“In transportation, there has been a lot of hype about API,” says Lachinski. However, Lachinski is skeptical of how widespread it will become among shippers for actual bill payments to carriers and 3PLs. “It’s being used for tracking in real time, but we’re not seeing much of it in the way of invoices.”
Still, Stifel trucking analyst David Ross wrote recently in a note to investors that API might be the wave of the future to increase transparency and real-time connectivity between shippers, carriers and brokers. “While EDI is not going away, API sure makes a heck of a lot more sense to us in most applications,” states Ross.
“A lot more is being expected by shippers and carriers in terms of visibility,” says Lachinski, adding that shippers need to see not only invoice data, but also any discrepancies. That way, he says, shippers, carriers and the bank can see that in real time in order to address issues. “At the bank we’re always working on them to proactively make changes on future invoices so there are no other discrepancies.”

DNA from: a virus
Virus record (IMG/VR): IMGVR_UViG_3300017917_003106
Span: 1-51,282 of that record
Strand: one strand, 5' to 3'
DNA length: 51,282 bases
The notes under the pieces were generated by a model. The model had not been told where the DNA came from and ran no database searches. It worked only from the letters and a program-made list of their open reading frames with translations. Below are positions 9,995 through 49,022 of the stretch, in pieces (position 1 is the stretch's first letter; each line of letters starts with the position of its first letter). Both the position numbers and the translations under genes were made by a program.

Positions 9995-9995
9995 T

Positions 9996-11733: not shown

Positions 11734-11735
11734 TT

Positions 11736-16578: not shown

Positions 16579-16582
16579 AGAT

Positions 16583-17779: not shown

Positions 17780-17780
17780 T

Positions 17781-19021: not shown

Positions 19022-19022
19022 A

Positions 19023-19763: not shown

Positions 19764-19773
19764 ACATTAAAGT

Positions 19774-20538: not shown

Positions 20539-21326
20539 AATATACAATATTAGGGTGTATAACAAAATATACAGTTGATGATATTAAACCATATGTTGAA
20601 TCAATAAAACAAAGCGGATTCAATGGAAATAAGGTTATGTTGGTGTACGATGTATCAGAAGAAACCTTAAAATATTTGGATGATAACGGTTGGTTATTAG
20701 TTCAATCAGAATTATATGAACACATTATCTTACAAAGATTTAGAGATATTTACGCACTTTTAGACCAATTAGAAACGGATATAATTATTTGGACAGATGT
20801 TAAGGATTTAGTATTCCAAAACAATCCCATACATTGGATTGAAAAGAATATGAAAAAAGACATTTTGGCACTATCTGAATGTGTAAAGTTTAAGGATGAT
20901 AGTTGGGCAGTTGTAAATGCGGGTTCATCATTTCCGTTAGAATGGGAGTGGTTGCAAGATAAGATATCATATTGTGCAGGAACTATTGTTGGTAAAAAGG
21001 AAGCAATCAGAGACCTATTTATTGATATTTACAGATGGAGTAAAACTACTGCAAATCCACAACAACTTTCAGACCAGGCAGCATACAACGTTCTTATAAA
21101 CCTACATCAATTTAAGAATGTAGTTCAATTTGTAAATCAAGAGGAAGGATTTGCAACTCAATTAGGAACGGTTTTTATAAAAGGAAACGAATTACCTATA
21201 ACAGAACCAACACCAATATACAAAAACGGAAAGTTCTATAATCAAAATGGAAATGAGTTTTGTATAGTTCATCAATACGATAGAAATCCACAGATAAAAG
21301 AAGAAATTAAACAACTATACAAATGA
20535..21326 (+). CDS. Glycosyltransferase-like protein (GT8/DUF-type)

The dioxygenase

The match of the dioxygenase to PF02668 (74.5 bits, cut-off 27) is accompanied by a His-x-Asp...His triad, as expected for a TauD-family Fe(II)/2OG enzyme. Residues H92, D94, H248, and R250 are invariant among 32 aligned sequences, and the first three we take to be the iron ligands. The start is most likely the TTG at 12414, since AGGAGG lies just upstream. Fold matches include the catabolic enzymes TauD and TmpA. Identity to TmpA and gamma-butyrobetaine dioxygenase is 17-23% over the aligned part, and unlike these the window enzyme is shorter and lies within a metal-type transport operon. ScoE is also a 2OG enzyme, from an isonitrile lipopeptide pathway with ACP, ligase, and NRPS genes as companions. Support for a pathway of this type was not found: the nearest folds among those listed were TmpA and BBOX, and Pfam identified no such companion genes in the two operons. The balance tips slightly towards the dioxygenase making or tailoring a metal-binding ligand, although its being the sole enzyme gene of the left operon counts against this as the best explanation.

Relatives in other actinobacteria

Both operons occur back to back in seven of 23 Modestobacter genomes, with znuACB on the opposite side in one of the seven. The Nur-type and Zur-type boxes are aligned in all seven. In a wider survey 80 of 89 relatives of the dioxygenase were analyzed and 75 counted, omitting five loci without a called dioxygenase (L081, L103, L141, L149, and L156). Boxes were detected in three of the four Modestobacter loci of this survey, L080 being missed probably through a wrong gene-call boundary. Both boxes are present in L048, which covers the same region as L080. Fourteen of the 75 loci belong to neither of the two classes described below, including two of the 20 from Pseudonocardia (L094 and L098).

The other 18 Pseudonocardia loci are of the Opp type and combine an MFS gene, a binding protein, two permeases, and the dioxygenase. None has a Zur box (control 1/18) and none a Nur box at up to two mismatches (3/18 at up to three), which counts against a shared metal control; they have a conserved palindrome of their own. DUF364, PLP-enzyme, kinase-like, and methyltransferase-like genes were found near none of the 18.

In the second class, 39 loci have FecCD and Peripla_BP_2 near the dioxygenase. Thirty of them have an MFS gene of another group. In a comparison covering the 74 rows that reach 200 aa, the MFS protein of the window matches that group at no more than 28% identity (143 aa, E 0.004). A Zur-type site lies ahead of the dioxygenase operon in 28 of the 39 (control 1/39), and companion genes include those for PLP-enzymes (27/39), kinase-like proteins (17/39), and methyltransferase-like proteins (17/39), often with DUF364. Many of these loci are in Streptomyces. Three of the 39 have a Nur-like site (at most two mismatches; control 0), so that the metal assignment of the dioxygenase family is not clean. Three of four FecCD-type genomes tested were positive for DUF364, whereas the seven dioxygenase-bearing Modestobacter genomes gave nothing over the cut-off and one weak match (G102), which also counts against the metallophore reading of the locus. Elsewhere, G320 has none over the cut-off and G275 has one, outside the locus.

Using the data
Transportation is awash with information. There’s information about rates, exceptions, additional accessorial charges, discounts and other mountains of data. And due to the fact that shippers and carriers have the ability to exchange and capture information more than ever before, the volume of information is rising exponentially. The issue now is: What to do with all that data?